It was love at first sight when I discovered improv
To this day, I still remember the first time I ever saw an improv show. It was in the basement of my dorm, freshman year at Indiana University, and a rag-tag troupe of improvisers called Pumpernickel performed in our dorm’s coffee house.
One of the dudes on stage queried the quiet crowd, “Someone tell me what my job is!” An intrepid audience member yelled out, “pilot!” The performers reconfigured themselves on stage, and the guy who asked for the suggestion grabbed his scene partner by the front of his shirt.
With an intense look overtaking his previously serene features, the dude bellowed, “Jesus, do you know why you’re standing before me today? I must punish you for your crimes.”
The audience murmurs and he shrugs and says to his scene partner, “Answer me! I’m Pontius Pilate!”—the fifth governor of Judea who sentenced Christ to crucifixion—and everyone in the audience just lost it.
I had never seen such a blatant display of rapier wit and lightning-fast comedy. I couldn’t understand how no one on stage knew what was going to happen next, yet they could turn any suggestion into art. Huh, look at that, love of improv at first sight.
This issue of Luckbox is all about the highs and lows of higher ed, but to me, the most important education anyone can receive is the gift of crafting the skill of improvisation. Being comfortable in uncomfortable situations, making yourself open to the options you’ve been given and, most importantly, learning to work in harmony with others are all things I learned while training at Chicago’s famed The Second City.
The incubator of comedy
The Second City was founded in Chicago in 1959 and operates a training center to provide education in improvisation, writing, singing, acting, directing and a host of
other performative disciplines, as well as a theater that hosts stage-based sketch and improv shows.
Even if you don’t know The Second City by name, you surely know its graduates: John Candy, Bill Murray, Harold Ramis, Steve Carell, Stephen Colbert, Tina Fey, Tim Meadows and Aidy Bryant—just to name a few. It’s truly remarkable that the cradle of American comedy is across the street from a sketchy Walgreens.
The foundation of improv is the concept of “yes, and.” I’m sure there’s a TED talk about it, but boiled down to simple terms “yes, and” means no matter what the scene (or life in general) hands you, you must simply say “yes” and add your own contribution to keep things moving forward.
In improv, this plays out as someone yelling out a suggestion or your scene partner establishing a scene and instead of saying, “That’s the dumbest thing I’ve ever heard,” you say, “Yes, we are babies who are plotting an escape from daycare, and it appears our goal is climbing Mount Everest … wah.”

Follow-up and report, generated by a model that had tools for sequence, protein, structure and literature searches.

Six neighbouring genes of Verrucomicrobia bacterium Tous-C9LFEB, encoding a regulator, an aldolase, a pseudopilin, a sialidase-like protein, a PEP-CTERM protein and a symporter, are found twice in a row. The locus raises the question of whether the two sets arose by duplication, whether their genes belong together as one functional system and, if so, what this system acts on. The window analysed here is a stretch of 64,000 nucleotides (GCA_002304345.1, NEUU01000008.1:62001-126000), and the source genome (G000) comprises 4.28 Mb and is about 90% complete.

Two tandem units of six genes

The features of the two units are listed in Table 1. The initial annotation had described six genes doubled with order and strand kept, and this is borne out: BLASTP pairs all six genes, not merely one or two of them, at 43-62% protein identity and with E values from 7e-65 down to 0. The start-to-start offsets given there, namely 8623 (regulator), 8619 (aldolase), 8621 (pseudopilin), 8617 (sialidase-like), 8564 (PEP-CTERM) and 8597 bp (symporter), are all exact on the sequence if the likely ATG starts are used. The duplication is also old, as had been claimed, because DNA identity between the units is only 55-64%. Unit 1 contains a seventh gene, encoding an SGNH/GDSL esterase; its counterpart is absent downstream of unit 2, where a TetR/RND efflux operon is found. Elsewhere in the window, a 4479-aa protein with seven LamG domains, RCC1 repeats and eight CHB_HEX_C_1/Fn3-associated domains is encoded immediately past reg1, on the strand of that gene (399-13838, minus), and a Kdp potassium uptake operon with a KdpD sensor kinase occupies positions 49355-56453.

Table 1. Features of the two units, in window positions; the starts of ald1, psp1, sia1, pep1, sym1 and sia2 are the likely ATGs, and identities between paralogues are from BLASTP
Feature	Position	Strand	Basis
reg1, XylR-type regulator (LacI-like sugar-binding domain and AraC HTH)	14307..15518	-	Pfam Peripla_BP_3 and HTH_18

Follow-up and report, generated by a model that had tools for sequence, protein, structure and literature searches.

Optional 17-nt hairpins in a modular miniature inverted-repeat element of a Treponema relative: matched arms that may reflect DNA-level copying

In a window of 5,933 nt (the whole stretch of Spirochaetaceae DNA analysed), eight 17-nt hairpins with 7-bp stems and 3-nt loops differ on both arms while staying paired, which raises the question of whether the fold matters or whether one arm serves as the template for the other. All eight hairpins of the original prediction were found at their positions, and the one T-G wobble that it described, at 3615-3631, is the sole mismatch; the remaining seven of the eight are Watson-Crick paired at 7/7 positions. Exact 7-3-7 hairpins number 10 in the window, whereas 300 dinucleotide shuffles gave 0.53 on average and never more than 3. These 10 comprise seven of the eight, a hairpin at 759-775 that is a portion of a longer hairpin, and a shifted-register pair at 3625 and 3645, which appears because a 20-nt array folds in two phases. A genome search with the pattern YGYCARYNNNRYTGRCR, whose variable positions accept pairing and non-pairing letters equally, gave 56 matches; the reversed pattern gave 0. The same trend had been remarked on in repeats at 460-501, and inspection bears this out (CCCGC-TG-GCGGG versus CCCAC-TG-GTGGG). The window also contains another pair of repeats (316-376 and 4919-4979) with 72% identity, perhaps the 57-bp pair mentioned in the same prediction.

No matter the absurdity, randomness or incongruence of the suggestion, you accept it and find ways to enhance it. How many negative Nancies in your life do you think could benefit from this worldview?
Live, laugh, improvise
I started Level A improv at The Second City in 2009. At the time, I was working in pharmaceutical sales (legally) and my manager Mike mentioned that improv could help me in interactions with customers. Because what’s more random than a convo with a doctor escalating into, “My patient developed spontaneous rectal bleeding from your drug.” Yes, and … their heartburn went away!
Ever since that day in the basement of my dorm I had thought about getting into comedy, but I didn’t know how. Look, I don’t know how to say this without sounding like a complete prat, but I’m funny. My innate gift is comedic timing. I wish instead it was an ass that just wouldn’t quit, but them’s the breaks.
I’m bringing this up because you don’t have to be funny to take a comedy class. I spoke about The Second City with co-worker and badass stock and options trader Liz Dierking. She attended classes herself because the gym she worked out at was located next door and she figured she’d give it a shot.
She explains the experience this way: “The Second City does not teach funny, but they do teach confidence.”
My classmates were lawyers, journalists, teachers, artists, accountants—a totally normal slice of working young adults who wanted to see what this improv thing was
Comedy is fundamental
For me, what started as an eight-week course turned into a year-long program, which turned into writing programs, directing a show and my current job at tastytrade. Look people, comedy works! True story: I found this job because Tom Sosnoff, co-founder of tastytrade, put up a very random job posting on The Second City’s bulletin board.
Liz is right, The Second City didn’t teach me how to be funny, but it sure did equip me with the confidence to work with traders all day. I get to do improv every day and I love it. I literally never know what’s going to happen on the morning show, but I just have to smile and roll with it. It delights me when I hear viewers tell me my comedic skills make erudite topics seem approachable.
Stop saying no; start saying yes
If you have even the smallest inkling of wanting to learn to be comfortable with the uncomfortable, I urge everyone to take an improv class. If nothing else, you’ll get better at public speaking and your PowerPoint presentations won’t be visual Ambien.
After the pandemic, The Second City really leaned into offering classes online. In-person comedy is best, but ZoomProv is better than nothing. Check your town’s resources to see if they offer in-person classes.
Confidence is a muscle. If you don’t work on it, it’ll atrophy. Look, I’m just a small, nerdy Black girl who got bullied a lot and leaned into comebacks and witty retorts to help put bullies in their place. “Oh, it appears you’ve broken up with your girlfriend and deodorant in the same week. Bummer.” But now I get paid to roast people as a job. Thanks comedy!
Vonetta Logan, a writer and comedian, appears daily on the tastytrade network. @vonettalogan